One thing I was looking into was a turbo trainer; due to my current injuries I hoped it would allow we to get on the bike. Sadly having tried out a few it was clear that I was not in a good enough condition to use one. That said, anyone interested, the updated bkool trainer was on a show special at £275, which is a bit of a bargain. The updated software version looked a lot sharper than the original and the new unit was pretty quiet, although on a show day this isn’t the easiest thing to check.
Elite announced that all of their current range will be retrofittable with a bluetooth unit to send real time power meter data back to their E-Training app for use with VR and video rides. Sadly they couldn’t give an indication of when this until would be available, or what the cost was but it appeared to be a simple bluetooth unit that attaches near the mag unit on the rear. You’ll also be able to upload videos filmed on a phone (or other GPS enabled video machine) that can then be shared with others and used as videos to ride. Prices ranged from £159 for the Novo Force to £1099 for the direct drive Real Turbo Muin.
Energy Bars, Gels & Drinks
One thing of note was just how many companies selling and sampling energy and nutrition products were present. By about 11.30am I think I could have taken on the BMW jump course.
It was clear that all of these are an acquired taste as the two of us had very varied tastes in what we could tolerate, let alone like! From my running days i’d got into liking SIS, but I was a little disappointed to discover that they use aspartame in some of their products i’ve been using so will be looking to replace those in my routine. Clif had a small stand but had plenty on display, their energy bars and blok were delicious as ever. Torq stood out, probably because they had one of my dream bikes on display, the Wilier Twin Blade, but they had a great range of things to try.
Their energy gels will be my next attempt in competition as the all natural ingredients appeal, Raspberry Ripple, Banoffee etc are all great words to be in a gel. Some were a little sickly sweet and might be difficult to keep down in a long run, hence wanting to try them, they may be fine on a bike mind. The drinks they had on display were, for me, disgusting, but were the biggest discrepancy as thetrinerd loved them. The protein recovery drinks were also a mixed bag, possibly due to the fact that I usually make mine with milk rather than water, Chocolate Mint had potential, but for now i’ll be sticking with MaxiNutrition.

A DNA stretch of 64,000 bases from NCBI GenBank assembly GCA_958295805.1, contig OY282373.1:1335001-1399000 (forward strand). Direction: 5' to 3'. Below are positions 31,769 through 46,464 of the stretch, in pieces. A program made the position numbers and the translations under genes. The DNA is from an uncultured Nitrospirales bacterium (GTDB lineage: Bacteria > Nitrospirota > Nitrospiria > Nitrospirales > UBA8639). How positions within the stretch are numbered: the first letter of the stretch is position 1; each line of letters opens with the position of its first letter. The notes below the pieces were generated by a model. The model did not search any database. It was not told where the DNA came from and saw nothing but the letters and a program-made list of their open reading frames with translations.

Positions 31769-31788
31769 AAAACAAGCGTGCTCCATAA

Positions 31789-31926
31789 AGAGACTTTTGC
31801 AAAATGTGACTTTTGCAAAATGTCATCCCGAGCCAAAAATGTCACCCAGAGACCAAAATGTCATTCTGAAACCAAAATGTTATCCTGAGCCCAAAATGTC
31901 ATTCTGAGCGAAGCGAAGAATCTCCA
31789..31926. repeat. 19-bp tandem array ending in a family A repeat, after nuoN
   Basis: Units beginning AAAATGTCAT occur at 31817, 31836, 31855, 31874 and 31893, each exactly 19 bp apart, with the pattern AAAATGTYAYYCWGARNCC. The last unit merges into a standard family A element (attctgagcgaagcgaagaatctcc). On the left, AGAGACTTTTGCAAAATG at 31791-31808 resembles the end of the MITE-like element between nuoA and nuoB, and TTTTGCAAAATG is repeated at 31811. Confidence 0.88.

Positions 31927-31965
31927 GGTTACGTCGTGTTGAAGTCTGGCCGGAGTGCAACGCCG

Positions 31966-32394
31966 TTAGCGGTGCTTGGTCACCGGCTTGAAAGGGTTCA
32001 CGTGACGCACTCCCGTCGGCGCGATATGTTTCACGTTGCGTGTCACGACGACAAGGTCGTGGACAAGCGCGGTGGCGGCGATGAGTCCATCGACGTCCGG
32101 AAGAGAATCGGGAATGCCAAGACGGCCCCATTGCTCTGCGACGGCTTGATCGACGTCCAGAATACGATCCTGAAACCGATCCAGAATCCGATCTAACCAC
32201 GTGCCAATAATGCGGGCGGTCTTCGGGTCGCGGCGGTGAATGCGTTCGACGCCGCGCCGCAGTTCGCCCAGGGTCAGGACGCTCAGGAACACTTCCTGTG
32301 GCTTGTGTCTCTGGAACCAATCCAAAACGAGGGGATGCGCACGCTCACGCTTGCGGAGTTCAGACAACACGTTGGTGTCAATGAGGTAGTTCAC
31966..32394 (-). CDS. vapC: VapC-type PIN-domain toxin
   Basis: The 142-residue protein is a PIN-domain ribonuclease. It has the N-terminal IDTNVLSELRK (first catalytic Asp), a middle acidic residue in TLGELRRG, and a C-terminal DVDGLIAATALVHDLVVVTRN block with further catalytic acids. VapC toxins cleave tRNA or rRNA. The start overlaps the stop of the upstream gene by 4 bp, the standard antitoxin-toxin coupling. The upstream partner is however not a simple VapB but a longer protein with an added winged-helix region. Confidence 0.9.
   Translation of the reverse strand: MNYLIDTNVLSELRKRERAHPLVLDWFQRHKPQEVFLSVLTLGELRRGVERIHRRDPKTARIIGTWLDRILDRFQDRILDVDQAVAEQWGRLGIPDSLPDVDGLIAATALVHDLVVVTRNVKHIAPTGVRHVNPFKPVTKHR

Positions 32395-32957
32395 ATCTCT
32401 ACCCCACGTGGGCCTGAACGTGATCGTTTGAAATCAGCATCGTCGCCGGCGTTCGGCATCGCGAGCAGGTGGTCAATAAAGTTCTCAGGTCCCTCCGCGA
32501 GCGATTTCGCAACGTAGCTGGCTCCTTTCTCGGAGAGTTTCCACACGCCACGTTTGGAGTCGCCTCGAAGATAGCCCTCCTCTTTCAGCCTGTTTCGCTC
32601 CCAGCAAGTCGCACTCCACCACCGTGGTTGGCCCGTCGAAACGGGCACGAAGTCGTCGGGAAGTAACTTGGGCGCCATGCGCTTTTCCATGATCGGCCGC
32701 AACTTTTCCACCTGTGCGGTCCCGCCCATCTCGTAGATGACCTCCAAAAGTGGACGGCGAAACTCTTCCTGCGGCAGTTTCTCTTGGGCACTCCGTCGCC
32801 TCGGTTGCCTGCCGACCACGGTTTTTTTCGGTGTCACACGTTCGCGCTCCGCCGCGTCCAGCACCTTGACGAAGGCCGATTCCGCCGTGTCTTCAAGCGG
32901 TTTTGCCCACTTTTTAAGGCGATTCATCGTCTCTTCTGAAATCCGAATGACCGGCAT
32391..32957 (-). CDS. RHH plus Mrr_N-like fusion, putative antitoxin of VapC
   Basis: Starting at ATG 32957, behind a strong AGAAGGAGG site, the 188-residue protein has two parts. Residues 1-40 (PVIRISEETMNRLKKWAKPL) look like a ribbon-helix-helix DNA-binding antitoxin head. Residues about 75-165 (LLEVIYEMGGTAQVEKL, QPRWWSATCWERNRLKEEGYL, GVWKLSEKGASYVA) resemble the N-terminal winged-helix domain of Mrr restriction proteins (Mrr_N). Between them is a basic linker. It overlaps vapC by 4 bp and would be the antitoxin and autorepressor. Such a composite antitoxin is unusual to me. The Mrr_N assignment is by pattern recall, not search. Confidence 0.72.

High5 and PowerBar were there also, but i’ve tried them before and not been a big fan though they were both offering good value show deals. ZipVit had some more pleasant bars but nothing really stood out too much for me, they don’t appear to be too readily available either. Finally Beet-It were another that stood out, i first discovered them at the London Marathon Expo and loved the taste of the energy bar, the drink is an acquired taste and i’ve no data on how well they work for me, but thankfully the prices seemed much lower – something that had put me off previously.
TheTriNerd was on the look out for a new aero helmet but we ended up leaving empty handed as the main brand of interest, Kask, were’t on display. We looked at and tried on a few others but were generally quite appalled at the quality of some them, especially for the money they were asking.
I guess the main reason for going was to look at the bikes on offer, for some reason normal road bikes held very little appeal so I concentrated on the triathlon and time trial bikes. So, in no particular order:
The bike that Sir Bradley Wiggins rode to the recent 2014 World Time Trial Championships, unsurprisingly this was a popular machine so getting a decent photo was rather difficult.
The updated version of that used by Leanda Cave in The Ironman World Championship 2012. It looked lovely, though the teeth styling were a little strange.
A bike I love, but the price always makes my eyes water. Seeing one in the flesh you can see the engineering that goes into it, but the eyes still water. Priced at £5900 with SRAM Force gears and Bontrager Aura 5 it’s at the lower end of the scale.